Definitions

from The American Heritage® Dictionary of the English Language, 4th Edition

  • transitive v. To break (a sentence) down into its component parts of speech with an explanation of the form, function, and syntactical relationship of each part.
  • transitive v. To describe (a word) by stating its part of speech, form, and syntactical relationships in a sentence.
  • transitive v. To examine closely or subject to detailed analysis, especially by breaking up into components: "What are we missing by parsing the behavior of chimpanzees into the conventional categories recognized largely from our own behavior?” ( Stephen Jay Gould).
  • transitive v. To make sense of; comprehend: I simply couldn't parse what you just said.
  • transitive v. Computer Science To analyze or separate (input, for example) into more easily processed components.
  • intransitive v. To admit of being parsed: sentences that do not parse easily.

from Wiktionary, Creative Commons Attribution/Share-Alike License

  • v. To resolve into its elements, as a sentence, pointing out the several parts of speech, and their relation to each other by government or agreement; to analyze and describe grammatically.
  • v. To split a file or other input into bits of data that can be easily stored or manipulated.
  • n. A successful act of parsing.
  • n. The result of such an act.

from the GNU version of the Collaborative International Dictionary of English

  • transitive v. To resolve into its elements, as a sentence, pointing out the several parts of speech, and their relation to each other by government or agreement; to analyze and describe grammatically.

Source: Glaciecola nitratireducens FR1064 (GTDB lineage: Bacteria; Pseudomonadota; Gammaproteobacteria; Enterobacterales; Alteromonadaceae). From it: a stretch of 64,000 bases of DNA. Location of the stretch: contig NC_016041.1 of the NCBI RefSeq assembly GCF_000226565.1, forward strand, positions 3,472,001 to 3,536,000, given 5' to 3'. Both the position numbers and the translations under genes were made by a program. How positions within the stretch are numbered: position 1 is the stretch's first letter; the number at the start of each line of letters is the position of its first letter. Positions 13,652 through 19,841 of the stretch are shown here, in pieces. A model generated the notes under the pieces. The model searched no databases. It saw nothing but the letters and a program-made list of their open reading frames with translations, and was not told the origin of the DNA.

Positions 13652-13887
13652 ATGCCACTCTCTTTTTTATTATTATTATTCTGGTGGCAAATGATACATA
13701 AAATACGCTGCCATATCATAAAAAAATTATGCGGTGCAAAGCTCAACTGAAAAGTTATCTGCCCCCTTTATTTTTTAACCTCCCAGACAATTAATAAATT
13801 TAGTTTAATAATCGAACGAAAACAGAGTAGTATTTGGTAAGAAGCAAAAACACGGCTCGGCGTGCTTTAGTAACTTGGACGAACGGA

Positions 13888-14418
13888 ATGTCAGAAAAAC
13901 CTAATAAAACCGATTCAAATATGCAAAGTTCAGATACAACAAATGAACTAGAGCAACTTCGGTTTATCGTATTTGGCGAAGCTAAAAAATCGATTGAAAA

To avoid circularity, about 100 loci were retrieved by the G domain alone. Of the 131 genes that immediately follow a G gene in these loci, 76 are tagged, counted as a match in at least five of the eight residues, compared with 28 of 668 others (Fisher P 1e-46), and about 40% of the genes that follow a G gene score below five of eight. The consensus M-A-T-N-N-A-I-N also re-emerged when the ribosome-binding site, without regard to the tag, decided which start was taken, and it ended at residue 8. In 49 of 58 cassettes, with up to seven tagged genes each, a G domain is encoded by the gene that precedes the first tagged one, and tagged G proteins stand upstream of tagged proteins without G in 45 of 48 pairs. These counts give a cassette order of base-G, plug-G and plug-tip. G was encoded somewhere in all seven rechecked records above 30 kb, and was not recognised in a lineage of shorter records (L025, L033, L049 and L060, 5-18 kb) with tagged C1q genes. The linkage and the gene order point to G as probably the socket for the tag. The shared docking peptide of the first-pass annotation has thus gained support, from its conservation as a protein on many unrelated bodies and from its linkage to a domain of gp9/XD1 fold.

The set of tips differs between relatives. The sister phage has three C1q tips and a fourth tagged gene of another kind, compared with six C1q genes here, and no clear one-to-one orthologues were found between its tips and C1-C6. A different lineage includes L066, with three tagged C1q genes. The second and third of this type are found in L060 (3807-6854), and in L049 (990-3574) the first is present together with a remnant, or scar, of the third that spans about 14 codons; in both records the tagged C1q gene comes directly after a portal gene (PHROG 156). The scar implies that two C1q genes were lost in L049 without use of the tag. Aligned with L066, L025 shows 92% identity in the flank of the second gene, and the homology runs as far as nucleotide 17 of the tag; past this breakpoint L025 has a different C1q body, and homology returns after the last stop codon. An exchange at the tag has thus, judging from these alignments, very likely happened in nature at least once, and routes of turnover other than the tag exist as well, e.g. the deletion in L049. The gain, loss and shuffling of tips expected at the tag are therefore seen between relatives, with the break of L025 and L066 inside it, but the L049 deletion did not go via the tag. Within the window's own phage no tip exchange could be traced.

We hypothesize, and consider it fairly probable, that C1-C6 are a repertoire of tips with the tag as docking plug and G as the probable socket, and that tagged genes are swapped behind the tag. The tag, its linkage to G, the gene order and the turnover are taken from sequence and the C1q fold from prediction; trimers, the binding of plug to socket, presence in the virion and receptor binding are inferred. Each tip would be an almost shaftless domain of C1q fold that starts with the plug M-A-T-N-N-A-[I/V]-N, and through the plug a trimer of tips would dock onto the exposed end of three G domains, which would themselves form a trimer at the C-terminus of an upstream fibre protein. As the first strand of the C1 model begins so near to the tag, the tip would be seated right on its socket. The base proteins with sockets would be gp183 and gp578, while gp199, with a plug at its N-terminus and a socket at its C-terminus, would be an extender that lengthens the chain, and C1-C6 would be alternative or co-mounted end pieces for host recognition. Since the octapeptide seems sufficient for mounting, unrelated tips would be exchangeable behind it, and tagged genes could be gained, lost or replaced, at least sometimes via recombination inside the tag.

from The Century Dictionary and Cyclopedia

  • In grammar, to describe grammatically by telling the part of speech of, as a word, or of each word in, as a sentence, defining and describing its grammatical form, and showing its relation to the other words in the sentence; resolve, as a sentence, into its grammatical parts: as, to parse a line in Virgil.
  • An obsolete form of pierce.

from WordNet 3.0 Copyright 2006 by Princeton University. All rights reserved.

  • v. analyze syntactically by assigning a constituent structure to (a sentence)

Etymologies

Probably from Middle English pars, part of speech, from Latin pars (ōrātiōnis), part (of speech); see perə-2 in Indo-European roots.
(American Heritage® Dictionary of the English Language, Fourth Edition)
From Middle English pars, from Old French pars (plural of part), from Latin pars. (Wiktionary)

Examples

  • Additionally, you could optionally specify a number after the word parse - this would only disable specific settings.

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  • The draws took the heat down to the decking and into containers called parse tubes, which housed diapson crystals.

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  • I create an instance of the lib and call parse on the RSS.

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  • To start parsing, the application calls parse (), a method of Parser: parser. parse (args [0]); EXAMPLE

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  • The only way to declare the document encoding we want to parse is to declare it explicitly in the document header.

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  • Liquid:: Block initialize method calls parse, which parses each of the tokens, causing each of the tags within the block to be parsed.

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  • - Text XInclude support (aka parse = "text") - Basic forms support

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  • Instantiate the PlistParser class and then call the parse method with the filename as a parameter.

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  • I'm sure she probably can find some way to "parse" the numbers out and declare herself the winner!

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  • I guess you're referring to Israel, if I "parse" your statement correctly. .but what is the argument they have lost, precisely???

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